In his "History of Belgian Literature of French Expression" Henri Liebrecht does not
fear to write that the true Belgian school of Philosophy begins with Van Meenen and
Haumont (p. 234, 1910 edition)

From 1819 to 1826 there were no further publications: Joseph Haumont tilled, dried,beautified the property of the count of Mer ode at Petersheim. His return to the Bridges and Highways Department is marked, in 1827, by the publication "Of the Ancient Trinity and the Right to Life and to death" (Brussels, printed by Demat, 14 pages), a pleading remarkable by the depth and the novelty of the arguments against the death penalty."

Finally, in 1842, it appears a last and small work entitled "Three Words, by a Flemish Peasant, about Important things" (Brussels, printed by J. Geruzet, 42 pages) which ends with the defence of Fourier, the precursor of socialism, called upon to replace the ancient legislators because "his law is and will remain the law of life and of truth until the end of the ages." (2)

His printed works run scarcely to about one hundred pages. Nevertheless, writes Delhasse, they deserve a chosen place in the gallery of our illustrious men, as does not name merit to be named with theirs. This last wish has come true: the name of Joseph Haumont is listed among those of notable men in the National Biography. With regard to the statement that the author has left his work unfinished, this is not quite exact. Among the family papers left by his son Louis, it has been our privilege to consult a list of unpublished discourses of his father which we have unfortunately not been able to find again.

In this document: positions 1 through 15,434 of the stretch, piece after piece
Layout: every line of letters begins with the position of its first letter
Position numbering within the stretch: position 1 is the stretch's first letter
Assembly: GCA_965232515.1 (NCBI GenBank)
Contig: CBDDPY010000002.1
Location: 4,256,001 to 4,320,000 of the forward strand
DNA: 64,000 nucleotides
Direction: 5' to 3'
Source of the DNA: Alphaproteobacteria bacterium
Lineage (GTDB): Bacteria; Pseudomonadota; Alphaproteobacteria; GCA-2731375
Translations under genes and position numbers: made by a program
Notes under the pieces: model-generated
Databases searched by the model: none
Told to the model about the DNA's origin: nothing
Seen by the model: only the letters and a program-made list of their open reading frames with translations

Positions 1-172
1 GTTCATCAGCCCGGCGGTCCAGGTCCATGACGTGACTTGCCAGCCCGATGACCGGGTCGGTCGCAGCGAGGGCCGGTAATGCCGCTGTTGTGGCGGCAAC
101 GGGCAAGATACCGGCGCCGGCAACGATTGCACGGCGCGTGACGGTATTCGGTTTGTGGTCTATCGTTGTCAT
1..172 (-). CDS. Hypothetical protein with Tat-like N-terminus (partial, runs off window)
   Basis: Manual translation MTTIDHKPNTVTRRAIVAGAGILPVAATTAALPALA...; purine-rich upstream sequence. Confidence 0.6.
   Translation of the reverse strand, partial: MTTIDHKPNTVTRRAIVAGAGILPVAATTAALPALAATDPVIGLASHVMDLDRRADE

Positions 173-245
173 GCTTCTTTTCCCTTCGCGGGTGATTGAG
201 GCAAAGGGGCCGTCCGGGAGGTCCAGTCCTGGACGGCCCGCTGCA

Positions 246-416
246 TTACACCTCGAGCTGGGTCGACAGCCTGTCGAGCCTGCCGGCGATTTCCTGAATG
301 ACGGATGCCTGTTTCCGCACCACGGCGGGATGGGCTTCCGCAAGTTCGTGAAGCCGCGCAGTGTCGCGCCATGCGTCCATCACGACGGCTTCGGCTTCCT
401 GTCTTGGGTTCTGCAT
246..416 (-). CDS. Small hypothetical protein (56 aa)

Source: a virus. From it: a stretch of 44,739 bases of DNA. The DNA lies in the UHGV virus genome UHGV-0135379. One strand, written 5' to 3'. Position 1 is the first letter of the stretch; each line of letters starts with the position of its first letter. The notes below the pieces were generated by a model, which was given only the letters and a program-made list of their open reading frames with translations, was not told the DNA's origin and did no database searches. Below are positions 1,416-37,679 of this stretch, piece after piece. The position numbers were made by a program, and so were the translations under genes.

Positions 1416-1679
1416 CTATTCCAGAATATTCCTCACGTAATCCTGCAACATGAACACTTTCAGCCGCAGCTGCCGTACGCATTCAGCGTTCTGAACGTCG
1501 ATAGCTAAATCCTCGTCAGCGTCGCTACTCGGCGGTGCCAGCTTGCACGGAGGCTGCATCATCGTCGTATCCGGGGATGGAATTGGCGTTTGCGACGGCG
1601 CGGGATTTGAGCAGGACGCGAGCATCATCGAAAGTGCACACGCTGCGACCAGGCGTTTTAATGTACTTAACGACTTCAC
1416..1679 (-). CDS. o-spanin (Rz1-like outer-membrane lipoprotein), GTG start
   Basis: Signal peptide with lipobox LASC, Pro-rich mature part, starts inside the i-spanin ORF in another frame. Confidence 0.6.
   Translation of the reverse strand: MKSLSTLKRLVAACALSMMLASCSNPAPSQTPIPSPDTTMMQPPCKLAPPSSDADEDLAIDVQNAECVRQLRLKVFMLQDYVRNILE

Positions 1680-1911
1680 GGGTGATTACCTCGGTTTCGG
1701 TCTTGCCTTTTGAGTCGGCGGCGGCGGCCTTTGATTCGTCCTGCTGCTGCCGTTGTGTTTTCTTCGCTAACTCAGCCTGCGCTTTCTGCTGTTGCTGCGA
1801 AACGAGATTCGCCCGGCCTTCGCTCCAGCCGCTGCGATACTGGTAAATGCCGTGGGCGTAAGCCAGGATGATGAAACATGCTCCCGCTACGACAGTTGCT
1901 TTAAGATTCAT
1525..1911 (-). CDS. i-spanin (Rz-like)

On this list were the following titles:

1) Discourse on usage and opinion
2) Discourse on freedom of thought
3) Discourse on the languages of the sciences in general, considered relative to each other and in nature, and as means of communication
4) Discourse on the causes and effects of revolutions in the arts and the sciences, and on the passing of tradition of languages and sciences from the ancients to the moderns.

(2) Three words by a Flemish Peasant about Important Things, p.47

(p.14 of French)

5) Discourse on liberty (Reply to Mr. Van Meenen)
6) Discourse on the genius of the French language considered under the material aspect.

This comment was by the hand of Louis Haumont: "These considerable works must have cost my father prodigious study, and all this for what? To leave him in the shadow. Oh that one of my grandsons may some day be learned enough to judge him! It is to be wished that these Discourses are not lost, and may be found again.